It can pay to report international tax cheating


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It can pay to report international tax cheating

Tax cheaters undermine the integrity and fairness of Canada’s tax system. They deprive our country of important revenues that help fund essential programs and services such as health care, childcare, education and infrastructure.

Paying for information

Did you know that you may be eligible to receive a financial reward for reporting international tax cheating?

Find out if you are eligible for a financial reward before making a submission.

Your identity will be protected, find out how.

What is considered tax cheating?

Having investments outside the country is not illegal. However, when an individual or business intentionally take actions to get around the intent of Canada's tax laws, it's considered tax cheating.

Typical situations include:

  • Undeclared taxable income that has been transferred outside of Canada
  • Undeclared foreign taxable income
  • Undeclared foreign property
  • Aggressive tax avoidance or tax evasion schemes that involve offshore transactions

To learn more about situations that are considered tax cheating and to read examples of submissions received by the Canada Revenue Agency (CRA) go to What is being reported.

*Due to an administrative error, this statistic should have read “the number of taxpayers identified for audit”, which is reflected in other public facing documents.

OTIP Results Graphic – Text version

This graphic shows a list of OTIP results as of March 31, 2019.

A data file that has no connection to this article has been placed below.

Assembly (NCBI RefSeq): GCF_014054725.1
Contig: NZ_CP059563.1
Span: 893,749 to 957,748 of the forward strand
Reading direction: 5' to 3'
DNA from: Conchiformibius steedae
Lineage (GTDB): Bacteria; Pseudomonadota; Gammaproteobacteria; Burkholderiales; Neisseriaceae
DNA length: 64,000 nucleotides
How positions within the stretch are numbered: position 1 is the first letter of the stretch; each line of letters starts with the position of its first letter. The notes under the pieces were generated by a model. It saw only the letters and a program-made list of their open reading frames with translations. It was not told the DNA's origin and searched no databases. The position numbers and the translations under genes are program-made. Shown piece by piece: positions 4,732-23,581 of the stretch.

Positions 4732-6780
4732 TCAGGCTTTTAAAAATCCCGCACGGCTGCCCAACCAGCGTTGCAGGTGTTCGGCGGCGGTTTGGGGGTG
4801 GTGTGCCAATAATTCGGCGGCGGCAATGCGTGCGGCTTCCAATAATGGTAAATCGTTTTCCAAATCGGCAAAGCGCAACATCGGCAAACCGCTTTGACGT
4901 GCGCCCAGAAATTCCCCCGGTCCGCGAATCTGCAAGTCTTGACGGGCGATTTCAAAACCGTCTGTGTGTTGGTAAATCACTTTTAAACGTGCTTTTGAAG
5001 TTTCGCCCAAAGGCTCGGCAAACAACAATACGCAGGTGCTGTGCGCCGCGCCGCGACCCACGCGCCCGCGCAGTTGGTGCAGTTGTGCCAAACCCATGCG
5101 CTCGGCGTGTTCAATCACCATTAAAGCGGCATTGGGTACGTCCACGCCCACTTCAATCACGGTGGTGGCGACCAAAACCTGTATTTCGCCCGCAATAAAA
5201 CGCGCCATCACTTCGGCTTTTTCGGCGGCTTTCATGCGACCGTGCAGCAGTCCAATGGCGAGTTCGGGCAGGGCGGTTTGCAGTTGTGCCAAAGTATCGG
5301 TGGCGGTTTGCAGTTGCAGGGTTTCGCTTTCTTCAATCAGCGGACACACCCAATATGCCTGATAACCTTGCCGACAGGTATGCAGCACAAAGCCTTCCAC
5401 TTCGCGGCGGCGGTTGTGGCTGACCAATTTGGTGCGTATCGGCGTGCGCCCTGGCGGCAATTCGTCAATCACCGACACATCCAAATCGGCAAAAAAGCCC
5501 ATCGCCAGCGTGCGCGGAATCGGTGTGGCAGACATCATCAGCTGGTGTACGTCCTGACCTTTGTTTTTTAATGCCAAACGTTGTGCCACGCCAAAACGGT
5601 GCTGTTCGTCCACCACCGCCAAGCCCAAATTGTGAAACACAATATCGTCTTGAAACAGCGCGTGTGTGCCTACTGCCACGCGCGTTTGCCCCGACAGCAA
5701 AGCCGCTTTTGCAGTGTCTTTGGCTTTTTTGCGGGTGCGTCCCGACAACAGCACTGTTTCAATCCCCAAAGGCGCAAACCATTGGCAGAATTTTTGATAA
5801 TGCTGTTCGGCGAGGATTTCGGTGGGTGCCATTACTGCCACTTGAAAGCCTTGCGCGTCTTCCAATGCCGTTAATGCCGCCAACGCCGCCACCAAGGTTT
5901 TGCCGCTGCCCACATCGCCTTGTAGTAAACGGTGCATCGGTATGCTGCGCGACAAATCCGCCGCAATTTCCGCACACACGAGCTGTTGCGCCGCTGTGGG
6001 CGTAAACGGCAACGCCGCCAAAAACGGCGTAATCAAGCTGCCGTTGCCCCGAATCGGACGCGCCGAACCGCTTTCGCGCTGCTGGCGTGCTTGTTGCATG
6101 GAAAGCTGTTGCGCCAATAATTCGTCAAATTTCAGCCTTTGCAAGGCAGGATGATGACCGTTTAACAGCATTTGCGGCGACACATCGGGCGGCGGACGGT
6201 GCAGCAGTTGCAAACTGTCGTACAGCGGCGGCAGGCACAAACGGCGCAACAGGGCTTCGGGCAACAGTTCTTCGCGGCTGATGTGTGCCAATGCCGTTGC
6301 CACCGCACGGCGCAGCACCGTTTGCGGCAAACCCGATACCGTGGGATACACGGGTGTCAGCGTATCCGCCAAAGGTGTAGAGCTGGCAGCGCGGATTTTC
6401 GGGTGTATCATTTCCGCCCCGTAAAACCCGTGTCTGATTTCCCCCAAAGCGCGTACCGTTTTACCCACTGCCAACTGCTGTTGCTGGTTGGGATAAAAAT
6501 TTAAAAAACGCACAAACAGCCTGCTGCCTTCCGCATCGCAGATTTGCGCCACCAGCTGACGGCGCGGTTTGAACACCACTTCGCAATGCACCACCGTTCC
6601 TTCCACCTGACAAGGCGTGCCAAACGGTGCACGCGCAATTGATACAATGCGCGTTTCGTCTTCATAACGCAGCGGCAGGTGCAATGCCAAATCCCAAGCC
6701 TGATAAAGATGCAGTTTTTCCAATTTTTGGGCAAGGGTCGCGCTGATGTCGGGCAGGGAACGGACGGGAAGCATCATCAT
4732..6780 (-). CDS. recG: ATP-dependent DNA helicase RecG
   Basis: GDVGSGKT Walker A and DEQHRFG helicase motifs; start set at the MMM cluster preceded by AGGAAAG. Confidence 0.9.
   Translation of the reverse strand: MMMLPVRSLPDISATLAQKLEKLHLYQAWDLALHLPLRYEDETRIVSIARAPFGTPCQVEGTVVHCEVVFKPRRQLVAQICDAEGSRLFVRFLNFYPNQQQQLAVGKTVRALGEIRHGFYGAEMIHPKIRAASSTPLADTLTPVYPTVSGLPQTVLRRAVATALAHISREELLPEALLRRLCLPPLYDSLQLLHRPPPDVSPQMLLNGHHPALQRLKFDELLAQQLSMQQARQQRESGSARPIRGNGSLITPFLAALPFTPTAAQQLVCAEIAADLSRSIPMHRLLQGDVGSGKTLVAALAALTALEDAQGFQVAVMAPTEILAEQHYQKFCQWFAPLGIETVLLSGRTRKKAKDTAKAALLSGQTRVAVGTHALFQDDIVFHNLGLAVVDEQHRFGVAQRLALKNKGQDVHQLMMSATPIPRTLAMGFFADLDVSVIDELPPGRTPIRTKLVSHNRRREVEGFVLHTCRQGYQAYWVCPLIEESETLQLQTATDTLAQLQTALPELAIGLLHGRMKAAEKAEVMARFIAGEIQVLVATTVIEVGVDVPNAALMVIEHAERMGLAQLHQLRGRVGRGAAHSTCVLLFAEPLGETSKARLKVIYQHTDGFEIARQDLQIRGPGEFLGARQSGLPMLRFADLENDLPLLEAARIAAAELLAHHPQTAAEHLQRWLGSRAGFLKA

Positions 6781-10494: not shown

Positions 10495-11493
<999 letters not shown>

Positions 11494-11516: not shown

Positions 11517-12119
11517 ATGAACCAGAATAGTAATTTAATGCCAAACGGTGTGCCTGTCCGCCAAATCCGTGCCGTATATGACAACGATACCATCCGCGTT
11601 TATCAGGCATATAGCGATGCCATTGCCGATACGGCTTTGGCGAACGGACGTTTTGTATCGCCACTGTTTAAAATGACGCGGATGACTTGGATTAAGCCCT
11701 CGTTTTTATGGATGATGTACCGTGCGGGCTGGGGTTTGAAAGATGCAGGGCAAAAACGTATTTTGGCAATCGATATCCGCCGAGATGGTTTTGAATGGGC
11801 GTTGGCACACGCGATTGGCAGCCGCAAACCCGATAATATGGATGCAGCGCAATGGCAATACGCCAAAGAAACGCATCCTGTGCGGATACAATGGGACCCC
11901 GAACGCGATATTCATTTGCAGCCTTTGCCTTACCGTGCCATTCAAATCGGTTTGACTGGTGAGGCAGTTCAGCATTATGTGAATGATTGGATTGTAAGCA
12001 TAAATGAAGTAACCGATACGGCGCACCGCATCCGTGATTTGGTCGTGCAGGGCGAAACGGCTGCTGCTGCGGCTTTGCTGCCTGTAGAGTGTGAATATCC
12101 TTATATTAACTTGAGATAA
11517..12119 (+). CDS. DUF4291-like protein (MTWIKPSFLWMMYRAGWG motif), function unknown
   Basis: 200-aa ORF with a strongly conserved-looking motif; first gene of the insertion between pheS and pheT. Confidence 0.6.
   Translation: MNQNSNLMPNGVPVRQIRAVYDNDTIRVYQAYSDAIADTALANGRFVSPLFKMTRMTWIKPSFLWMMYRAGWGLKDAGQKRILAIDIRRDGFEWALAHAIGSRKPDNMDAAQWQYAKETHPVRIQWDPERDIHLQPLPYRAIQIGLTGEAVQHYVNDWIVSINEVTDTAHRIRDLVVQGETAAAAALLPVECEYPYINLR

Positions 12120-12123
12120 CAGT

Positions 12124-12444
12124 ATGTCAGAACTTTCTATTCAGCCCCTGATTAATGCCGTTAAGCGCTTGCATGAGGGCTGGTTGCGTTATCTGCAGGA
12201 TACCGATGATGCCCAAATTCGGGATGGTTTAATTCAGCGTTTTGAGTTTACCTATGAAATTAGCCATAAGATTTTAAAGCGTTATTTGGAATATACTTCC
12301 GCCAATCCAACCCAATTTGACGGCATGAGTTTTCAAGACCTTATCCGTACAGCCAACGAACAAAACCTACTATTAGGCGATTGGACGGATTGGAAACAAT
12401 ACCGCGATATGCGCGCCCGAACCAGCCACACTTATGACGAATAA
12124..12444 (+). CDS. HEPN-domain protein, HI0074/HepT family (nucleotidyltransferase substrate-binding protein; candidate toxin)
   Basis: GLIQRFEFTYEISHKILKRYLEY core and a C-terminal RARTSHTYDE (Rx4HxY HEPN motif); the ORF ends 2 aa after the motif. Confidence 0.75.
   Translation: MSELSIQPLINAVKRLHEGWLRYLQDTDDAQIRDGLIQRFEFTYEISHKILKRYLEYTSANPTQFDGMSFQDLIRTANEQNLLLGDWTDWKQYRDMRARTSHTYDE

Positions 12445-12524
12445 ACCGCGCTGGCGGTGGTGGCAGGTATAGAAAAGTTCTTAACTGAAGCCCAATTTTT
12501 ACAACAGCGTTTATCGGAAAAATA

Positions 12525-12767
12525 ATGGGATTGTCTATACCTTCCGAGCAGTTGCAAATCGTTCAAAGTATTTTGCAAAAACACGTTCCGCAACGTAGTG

• $50 million identified
  • $19 million collected
  • 425 taxpayers identified for audit
  • 637 submissions received
    • 39 contracts
  • 261 audits of taxpayers in progress
    • 120 audits of taxpayers completed

Launched in January 2014 as part of the CRA's efforts to combat international tax cheating, the Offshore Tax Informant Program (OTIP) provides an important additional source of information to identify suspected tax cheats.

From the date of the launch to March 31, 2019, the OTIP has received 1,431 calls, 637 written submissions and entered into 39 contracts with informants. When the information provided does not meet the OTIP eligibility criteria, the information may be transferred to other areas of the CRA. Learn more about the process.

As of March 31, 2019, 120 audits of taxpayers resulting in over $50 million in additional federal taxes and penalties identified have been completed, based on information that was provided to the CRA.

The OTIP has received submissions from informants all over the world including several Caribbean countries, the Middle East, China, Hong Kong, and the United States. Payments to informants have been made under this program and more are anticipated in the future.

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